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The Gift of Words

Good morning. It is Thursday, August 11, 2022. Jeanette Stark here.

I learned a new word today.

I’m old enough to remember The Reader’s Digest. Anyone else?

Reader’s Digest was first published in 1922 by DeWitt Wallace and his wife Lila. A man ahead of his time and the world’s earliest “content curator,” DeWitt Wallace recognized that people were hungry for information but overwhelmed by choice, so he began collecting the best stories from a vast array of publications and condensing them into what today is almost universally referred to as “the Reader’s Digest version.” Each issue contained 31 articles, one to read each day of the month. Within five years the Wallaces were printing and distributing 30,000 copies.

By the 1940s, the Digest had surpassed 1 million copies a month and was the best-selling publication in America—exceeded in sales only by the Bible and spreading its own gospel of “America the Great.” Reader's Digest remained the best-selling consumer magazine in the U.S. until it lost that distinction in 2009 to Better Homes and Gardens. (Source:

My mom received the Reader’s Digest. I can still see the pastel covers in pink and green and blue. There were many features and articles I liked including Word of the Day. It was fun and often curious to learn new words.

So, the word I learned today is, “Snick”.

The word mistakenly slipped out of my mouth as I tried to say, “sick”.

Thinking I had come up with a new word, and immediately trying to invent a meaning or definition, Denise called my desk and broke the sad news. “It’s not a new word.”

What? Well, so much for inventing a new word.


1. To cut a small notch or incision in something · to make an indentation

2. cause something to make a sharp clicking sound


New words are entering the language all the time. In 2019, no one could have predicted what has become a defining word of 2020: COVID-19. At the same time, existing words evolve. What’s the first thing that comes to mind with tweet? A bird or social media? Old words fall out of use, and we don’t just mean Shakespeare’s methinks. What do we do with VHS or MySpace? And slang words come and go. (


The average 20-year-old native English speaker knows an average of 42,000 words, although they may actively only use 20,000 of them.

According to Merriam-Webster, there is no exact count of the number of words in English, because our language is always expanding, but it has been estimated that the English vocabulary includes roughly 1 million words.


A co-worker shared with me this morning a story where someone was terribly upset with a woman who had said something unkind, 10 years ago! For 10 years she has harbored, and frankly nourished, those words until they were deeply entangled in the fabric of her life. Ten years!

God gave us the gift of language but how we use it is the important thing.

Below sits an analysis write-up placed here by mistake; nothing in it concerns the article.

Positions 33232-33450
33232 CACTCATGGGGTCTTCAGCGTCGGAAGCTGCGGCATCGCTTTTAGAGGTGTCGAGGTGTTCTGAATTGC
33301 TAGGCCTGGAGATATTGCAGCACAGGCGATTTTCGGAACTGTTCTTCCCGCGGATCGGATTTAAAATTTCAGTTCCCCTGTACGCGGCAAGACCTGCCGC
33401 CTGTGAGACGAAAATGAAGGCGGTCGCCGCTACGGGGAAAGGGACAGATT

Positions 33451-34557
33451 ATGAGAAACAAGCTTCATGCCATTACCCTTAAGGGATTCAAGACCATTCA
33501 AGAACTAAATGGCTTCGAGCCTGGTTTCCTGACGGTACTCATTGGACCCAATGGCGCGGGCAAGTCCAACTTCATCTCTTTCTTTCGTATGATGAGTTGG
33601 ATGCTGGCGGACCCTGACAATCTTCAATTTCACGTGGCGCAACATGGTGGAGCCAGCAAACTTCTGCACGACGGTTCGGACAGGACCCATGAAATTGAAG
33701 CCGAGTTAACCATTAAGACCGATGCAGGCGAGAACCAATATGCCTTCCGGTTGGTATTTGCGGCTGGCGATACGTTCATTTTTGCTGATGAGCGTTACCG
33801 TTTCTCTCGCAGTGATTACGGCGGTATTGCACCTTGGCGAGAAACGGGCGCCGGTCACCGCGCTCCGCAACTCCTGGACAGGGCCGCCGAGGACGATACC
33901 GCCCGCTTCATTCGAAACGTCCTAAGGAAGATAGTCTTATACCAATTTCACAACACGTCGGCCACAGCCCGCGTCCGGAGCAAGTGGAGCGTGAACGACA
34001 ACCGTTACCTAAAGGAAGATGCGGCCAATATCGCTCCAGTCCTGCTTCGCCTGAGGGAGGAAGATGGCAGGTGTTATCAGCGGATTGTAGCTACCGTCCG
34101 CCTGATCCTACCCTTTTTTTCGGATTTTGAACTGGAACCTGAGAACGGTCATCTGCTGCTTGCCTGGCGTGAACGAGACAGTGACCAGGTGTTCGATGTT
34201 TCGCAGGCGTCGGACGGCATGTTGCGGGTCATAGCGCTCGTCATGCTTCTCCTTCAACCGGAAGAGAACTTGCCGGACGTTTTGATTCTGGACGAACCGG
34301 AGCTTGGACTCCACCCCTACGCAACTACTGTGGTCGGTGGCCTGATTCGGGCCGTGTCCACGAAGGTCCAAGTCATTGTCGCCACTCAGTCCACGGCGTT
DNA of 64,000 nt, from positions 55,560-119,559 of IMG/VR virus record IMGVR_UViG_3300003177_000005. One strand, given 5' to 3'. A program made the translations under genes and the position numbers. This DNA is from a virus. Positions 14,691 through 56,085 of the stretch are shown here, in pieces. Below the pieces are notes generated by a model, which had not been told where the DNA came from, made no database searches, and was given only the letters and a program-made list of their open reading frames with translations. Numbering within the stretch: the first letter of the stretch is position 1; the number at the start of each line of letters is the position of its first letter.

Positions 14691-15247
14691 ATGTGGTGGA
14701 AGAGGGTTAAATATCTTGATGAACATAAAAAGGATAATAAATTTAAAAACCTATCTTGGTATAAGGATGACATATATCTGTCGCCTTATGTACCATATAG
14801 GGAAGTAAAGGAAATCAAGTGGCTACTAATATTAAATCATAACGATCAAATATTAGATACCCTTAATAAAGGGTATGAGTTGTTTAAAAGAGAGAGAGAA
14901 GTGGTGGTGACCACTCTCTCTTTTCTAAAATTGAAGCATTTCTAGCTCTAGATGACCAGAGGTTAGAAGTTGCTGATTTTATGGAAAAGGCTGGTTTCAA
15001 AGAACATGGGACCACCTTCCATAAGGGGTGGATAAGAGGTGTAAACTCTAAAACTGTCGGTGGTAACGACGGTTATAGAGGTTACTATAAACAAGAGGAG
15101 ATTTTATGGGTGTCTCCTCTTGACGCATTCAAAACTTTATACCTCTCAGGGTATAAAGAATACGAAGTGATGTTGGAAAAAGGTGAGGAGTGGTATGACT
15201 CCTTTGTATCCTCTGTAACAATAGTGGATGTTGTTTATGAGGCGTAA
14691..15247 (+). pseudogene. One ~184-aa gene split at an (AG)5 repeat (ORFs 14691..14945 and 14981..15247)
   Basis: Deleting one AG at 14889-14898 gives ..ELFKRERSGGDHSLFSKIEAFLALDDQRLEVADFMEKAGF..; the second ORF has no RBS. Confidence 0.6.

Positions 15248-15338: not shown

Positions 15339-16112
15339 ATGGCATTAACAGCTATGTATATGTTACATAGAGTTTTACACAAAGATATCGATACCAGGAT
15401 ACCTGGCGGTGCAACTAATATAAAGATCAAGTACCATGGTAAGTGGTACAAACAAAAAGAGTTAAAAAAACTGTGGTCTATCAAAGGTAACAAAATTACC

The Bible tells us that we will have to answer someday for the words that have come out of our mouth.

“But I say to you that for every idle word men may speak, they will give account of it in the day of judgment. For by your words you will be justified, and by your words you will be condemned.” Matthew 12:36-37 NKJV

I have a book on my shelf titled “Foods That Harm; Foods That Heal.”

I want to play off that title because I know there are words that harm and words that heal. How we use our words is critical.

Proverbs 16:24 says gracious words are a honeycomb, sweet to the soul and healing to the bones.

But they can also be quite the opposite.

“A fool’s lips enter into contention, and his mouth calls for blows. A fool’s mouth is his destruction, and his lips are the snare of his soul. The words of a talebearer (gossip or slanderer) are like tasty trifles, and they go down into the inmost body (or rooms of the belly).” Proverbs 18:6-8 NKJV

What we say, how we say it, when we say it should always be a matter of prayer. Don’t let your mouth run ahead of God’s plan.

“A serpent may bite when it is not charmed; the babbler is no different…the lips of a fool shall swallow him up; the words of his mouth begin with foolishness, and the end of his talk is raving madness.” Ecclesiastes 10:11-13 NKJV

If we want to point people to Christ, we must show love and kindness. We must speak softly and gently. There is only one way to truly introduce Jesus to others. It must be done with love.

Ephesians 4:15 tells us to speak the truth with love and verse 4:29 says, “Let no corrupting talk come out of your mouths, but only such as is good for building up, as fits the occasion, that it may give grace to those who hear.”

Let’s strive daily, hourly and minute-by-minute to speak with love and kindness.

“Let the words of my mouth and the meditation of my heart be acceptable in Your sight, o Lord, my strength and my Redeemer.” Psalm 19:14 NKJV

We have the power to draw others to Christ. We also have the power to turn people away from Christ. Let’s use our power to lift up Jesus Christ and show others the love that He has for them.

John 12:32 “And I, when I am lifted up from the earth, will draw all people to myself.”

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